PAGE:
Reader request: What to wear to a job interview
I got a snap (follow me on Snapchat @rosemarymaccabe) from a follower yesterday asking what she should wear to an interview for a corporate office job that isn't (a) totally predictable and (b) black. It may seem straightforward, but actually, those two stipulations make things a little bit tricky. The corporate environment isn't the place for fashion-forward prints and statement neckpieces, but nor do you want to dress like you're an assistant manager in Penneys in 1995 (that is, dressed in an ill-fitting black skirt suit with a severe bun in your hair). It's all so easy for men; in a corporate environment, you wear a suit, right? If you're lucky, you wear a nice one from Louis Copeland (I'd recommend navy blue or charcoal grey). But for women, it's a whole 'nother ball game. A skirt suit looks dated (see above); a dark, tailored trouser suit is a little too ball-busting; too casual (anything denim) is a no-no.
Here are some dos and don'ts for a job interview in, granted, a field I haven't worked in for over a decade – so I'll be the first to admit that I could be totally wrong.
Do... think outside the box
Yes, a trouser suit can look incredibly dated and a little too stuffy – so why not try an updated version?
Culottes are everywhere at the moment, and these babies from Zara are a bargaintastic €15.95. Wear with a simple pair of court shoes like these from Buffalo, on sale at the moment in Arnotts for €38, and a simple T-shirt. I find Cos great for T-shirts; they wash really well and are great quality. This one looks lovely. This tweed blazer from Asos adds a corporate feel (hallo, Chanel-inspired) but the scalloped edge keeps it pretty and modern.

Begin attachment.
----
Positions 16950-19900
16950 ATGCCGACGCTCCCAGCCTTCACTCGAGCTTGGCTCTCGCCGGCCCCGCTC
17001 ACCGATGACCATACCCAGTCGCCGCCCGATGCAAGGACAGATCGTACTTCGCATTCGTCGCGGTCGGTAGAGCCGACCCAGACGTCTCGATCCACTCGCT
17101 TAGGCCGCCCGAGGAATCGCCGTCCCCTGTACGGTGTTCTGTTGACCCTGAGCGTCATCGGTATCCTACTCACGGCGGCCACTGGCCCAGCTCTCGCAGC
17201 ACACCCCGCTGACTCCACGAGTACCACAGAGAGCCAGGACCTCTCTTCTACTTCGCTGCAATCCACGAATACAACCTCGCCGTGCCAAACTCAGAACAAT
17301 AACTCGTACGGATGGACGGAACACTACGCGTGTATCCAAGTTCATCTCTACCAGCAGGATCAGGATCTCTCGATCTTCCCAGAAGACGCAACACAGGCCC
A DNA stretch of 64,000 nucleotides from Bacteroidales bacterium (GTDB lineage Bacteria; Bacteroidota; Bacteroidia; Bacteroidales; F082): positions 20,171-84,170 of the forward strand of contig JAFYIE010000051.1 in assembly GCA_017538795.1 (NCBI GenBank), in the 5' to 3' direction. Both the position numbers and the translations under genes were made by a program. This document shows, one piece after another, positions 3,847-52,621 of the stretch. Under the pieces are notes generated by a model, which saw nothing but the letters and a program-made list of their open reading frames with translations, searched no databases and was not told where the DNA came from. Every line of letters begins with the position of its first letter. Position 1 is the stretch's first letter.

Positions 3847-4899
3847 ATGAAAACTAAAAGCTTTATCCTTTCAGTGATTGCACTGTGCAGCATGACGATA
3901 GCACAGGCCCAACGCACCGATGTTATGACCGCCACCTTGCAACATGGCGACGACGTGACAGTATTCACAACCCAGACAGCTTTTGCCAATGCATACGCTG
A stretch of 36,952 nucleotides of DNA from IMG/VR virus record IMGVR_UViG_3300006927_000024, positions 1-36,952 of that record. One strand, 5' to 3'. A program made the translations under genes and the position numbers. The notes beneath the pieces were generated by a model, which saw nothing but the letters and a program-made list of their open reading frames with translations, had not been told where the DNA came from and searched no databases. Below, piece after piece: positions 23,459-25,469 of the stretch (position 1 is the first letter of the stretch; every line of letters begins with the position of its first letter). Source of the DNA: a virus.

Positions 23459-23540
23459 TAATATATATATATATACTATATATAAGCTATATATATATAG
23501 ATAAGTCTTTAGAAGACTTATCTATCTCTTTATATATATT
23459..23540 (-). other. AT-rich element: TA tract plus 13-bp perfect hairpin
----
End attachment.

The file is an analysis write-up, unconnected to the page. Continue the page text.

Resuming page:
A trouser suit channels a more traditional vibe – but I wouldn't necessarily say to go down the red route. What Irish corporate interviewer is going to see this and think, cool, that's calm and put together. No; they're going to think, this woman is insane. And probably has a temper. (What?! They totally are.) What about this powder-blue version from Asos, instead? Team with the same Cos tee as in option #1 and, again, a pair of simple courts. (But for the love of God, avoid nude.) I love & Other Stories for shoes, and these sculpted heel courts are amazing, but I won't deny that they'd be a car-to-bar job. Still, gorge.
Don't... wear black
My snapfan (can I call you that?) was right in wanting to stay away from black – it may be the "safe" option, but it's also totally dull, utterly predictable and, y'know, slightly morbid. Quite aside from the fact that we're now veering dangerously close to summer – time to get out the shorts yet? – wearing bright colours both improves the mood of those gazing at you, and makes you more memorable. Nobody is forgetting the girl in the pink jumper.
Marks & Spencer has a deadly range of cashmere jumpers in a whole load of different colours. The good news is, it'll stay soft and look good almost forever. The bad news is, you'll have to hand wash it. I'm sorry. If you're into pencil skirts, veer away from dead boring corporate shades and go for something a little bit different that'll (a) make you stand out from the crowd and (b) fill you with joy. Like this one, from Topshop. These herringbone trousers from J.Crew, on the other hand, would be perfect interview garb, and then work really well once you actually get the job (positive thinking), which is how I'd justify the €175.75 price. If you need a terrestrial option, try these in River Island. I would, however, ditch: statement necklaces, gloves (like, what?!) and sunglasses. Pare it all back.